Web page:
CHHS research seminar (online): Dr Theo Savvas

Dr Theo Savvas gave our second online CHHS research seminar on the 6th May.

Title: ‘Hitherto we’ve had a certain lack of meat here’1: Representations of Vegetarianism in Utopian Literature

Savvas argued that abstaining from the consumption of animal flesh—‘Pythagoreanism’ before 1838, ‘Vegetarianism’ thereafter—has a long and varied literary history. One aspect of this history that has remained fairly consistent is the frequent representation of such abstention in imaginings of ideal worlds: Pythagoras looked back to the vegetable-eating of the Golden Age; the Utopian novel looks forward to a time when the slaughter-house is no more. In this talk, Savvas provided an overview of these representations, before focusing on some of the ‘scientific romances’ of H.G. Wells, who had an ambivalent response to the burgeoning vegetarianism of fin-de-siècle London. In these works, he suggested, vegetarianism figures as a useful way of thinking about the demarcation between the human and the animal

CHHS research seminar (online): Dr Jeremy Simon

Title: Is it true that the valiant never taste of death but once?: A pluralistic approach to time of death

On March 25th the CHHS held its first online research seminar with guest speaker Dr Jeremy Simon. Simon argued that our current concept of death is not essentially different from that of the preceding millennia. This concept is of an abrupt transition from one state (life) to another (death). This transition in the body then causes many secondary changes. Among others, the person’s property must be transferred to new owners, their spouse may remarry, their body may be buried or otherwise disposed of, the family should mourn, medical treatment is no longer considered necessary, appropriate or possible, and, recently, the patient’s organs can be transplanted. What is essential, though, is that there is a single physiological event, which marks a single transition, and this single transition yields multiple consequences.

The sharp transition from life to death, however, was only apparent, or perhaps better, temporary, a feature of the pre-modern condition. The absence of effective interventions meant that peoples’ brain-stems, hearts and lungs all stopped working essentially simultaneously, and patients with severe brain injury or pathology (i.e., those whose cortices were not functioning) reached that point promptly, due to dehydration if nothing else. Modern medicine, however, has allowed us to separate these events, and thus unsharpen the transition from life to death. For those whose hearts have stopped, we have defibrillators and bypass, so that the brain, and in some cases, the heart, can survive cardiac arrest. For those whose brainstems are not functioning, we can support the cortex and heart with intubation. And for those whose cortices are not functioning we have intravenous and gastrostomy nutrition and hydration.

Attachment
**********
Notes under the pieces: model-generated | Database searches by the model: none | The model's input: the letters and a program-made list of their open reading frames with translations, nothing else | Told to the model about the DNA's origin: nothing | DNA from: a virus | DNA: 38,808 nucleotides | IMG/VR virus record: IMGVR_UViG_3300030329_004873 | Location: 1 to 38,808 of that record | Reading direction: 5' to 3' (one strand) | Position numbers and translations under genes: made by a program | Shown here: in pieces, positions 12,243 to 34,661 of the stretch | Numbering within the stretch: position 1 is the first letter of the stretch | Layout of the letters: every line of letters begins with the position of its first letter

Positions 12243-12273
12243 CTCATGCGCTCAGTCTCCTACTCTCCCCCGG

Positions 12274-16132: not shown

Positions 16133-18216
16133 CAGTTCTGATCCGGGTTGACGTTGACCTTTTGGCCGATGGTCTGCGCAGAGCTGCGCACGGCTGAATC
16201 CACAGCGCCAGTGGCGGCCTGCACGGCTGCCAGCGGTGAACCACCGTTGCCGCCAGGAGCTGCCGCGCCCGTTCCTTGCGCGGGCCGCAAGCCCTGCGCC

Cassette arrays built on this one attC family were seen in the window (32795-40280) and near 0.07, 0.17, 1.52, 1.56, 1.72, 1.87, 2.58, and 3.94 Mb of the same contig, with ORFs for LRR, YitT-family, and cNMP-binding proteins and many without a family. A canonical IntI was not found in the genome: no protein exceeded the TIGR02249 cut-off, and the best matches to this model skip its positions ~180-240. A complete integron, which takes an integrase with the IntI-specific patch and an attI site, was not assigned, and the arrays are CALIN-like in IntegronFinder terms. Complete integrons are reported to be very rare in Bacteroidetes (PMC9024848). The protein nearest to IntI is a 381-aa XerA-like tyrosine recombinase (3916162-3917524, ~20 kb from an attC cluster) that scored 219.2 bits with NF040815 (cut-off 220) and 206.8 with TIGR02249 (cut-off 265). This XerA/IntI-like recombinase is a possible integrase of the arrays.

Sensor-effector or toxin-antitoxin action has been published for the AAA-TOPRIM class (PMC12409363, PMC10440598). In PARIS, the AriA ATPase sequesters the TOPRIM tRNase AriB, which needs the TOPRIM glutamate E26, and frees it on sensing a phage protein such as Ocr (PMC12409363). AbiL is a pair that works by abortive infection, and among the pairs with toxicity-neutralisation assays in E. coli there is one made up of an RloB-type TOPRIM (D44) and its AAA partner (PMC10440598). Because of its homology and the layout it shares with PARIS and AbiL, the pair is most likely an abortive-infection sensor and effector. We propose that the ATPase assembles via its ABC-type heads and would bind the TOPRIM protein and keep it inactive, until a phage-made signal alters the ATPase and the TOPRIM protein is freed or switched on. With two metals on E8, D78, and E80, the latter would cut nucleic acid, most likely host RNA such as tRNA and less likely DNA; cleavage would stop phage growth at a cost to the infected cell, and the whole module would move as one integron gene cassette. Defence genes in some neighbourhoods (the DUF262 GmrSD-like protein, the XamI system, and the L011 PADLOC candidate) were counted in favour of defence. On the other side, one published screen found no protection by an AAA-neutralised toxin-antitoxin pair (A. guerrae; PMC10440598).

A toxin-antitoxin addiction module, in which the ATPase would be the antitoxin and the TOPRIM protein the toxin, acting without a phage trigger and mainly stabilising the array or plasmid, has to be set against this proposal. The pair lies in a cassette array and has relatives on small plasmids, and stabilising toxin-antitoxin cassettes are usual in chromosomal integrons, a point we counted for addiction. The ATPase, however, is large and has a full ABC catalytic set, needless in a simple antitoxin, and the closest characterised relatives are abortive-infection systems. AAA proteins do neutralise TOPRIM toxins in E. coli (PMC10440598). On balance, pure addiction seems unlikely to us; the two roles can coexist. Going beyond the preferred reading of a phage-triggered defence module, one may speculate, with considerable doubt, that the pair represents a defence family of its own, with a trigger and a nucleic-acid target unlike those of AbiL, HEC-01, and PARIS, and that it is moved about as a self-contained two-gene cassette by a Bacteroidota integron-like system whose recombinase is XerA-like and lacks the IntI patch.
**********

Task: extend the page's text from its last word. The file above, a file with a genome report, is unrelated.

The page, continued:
The ability of modern medicine to separate these events that formerly occurred as a bundle has not gone unnoticed by philosophers. The response has been to try to determine which of these events (roughly, cortical death, brainstem death and cardiorespiratory death) results in the transition from life to death, that is, is really death. This attempt has not resulted in consensus, however, but in dissatisfaction and paradox. Simon suggested that the reason for this failure is that there is no unified concept of death, but rather, several. Loss of personality is one transition that can be thought of as death, loss of the brain’s control of the body another, loss of a heartbeat a third. Each of these, however, represents a somewhat different change, a somewhat different conception of what it is to die. Without modern medicine, there was no need to consider the differences between these transitions, because they all occurred essentially simultaneously. Now, however, we must consider the meaning and implications of each transition for itself. We are conflicted as to when death occurs because we are conflicted as to what it is to die.

Furthermore, as we peel apart these transitions, we will likely find that just as there are multiple transitions, which, at least potentially, occur at different times, the various social and legal implications of death are most reasonable connected with one or another of these physiological transitions. Thus, in order to answer the question “Is he dead?” we must first ask “Why do you care?”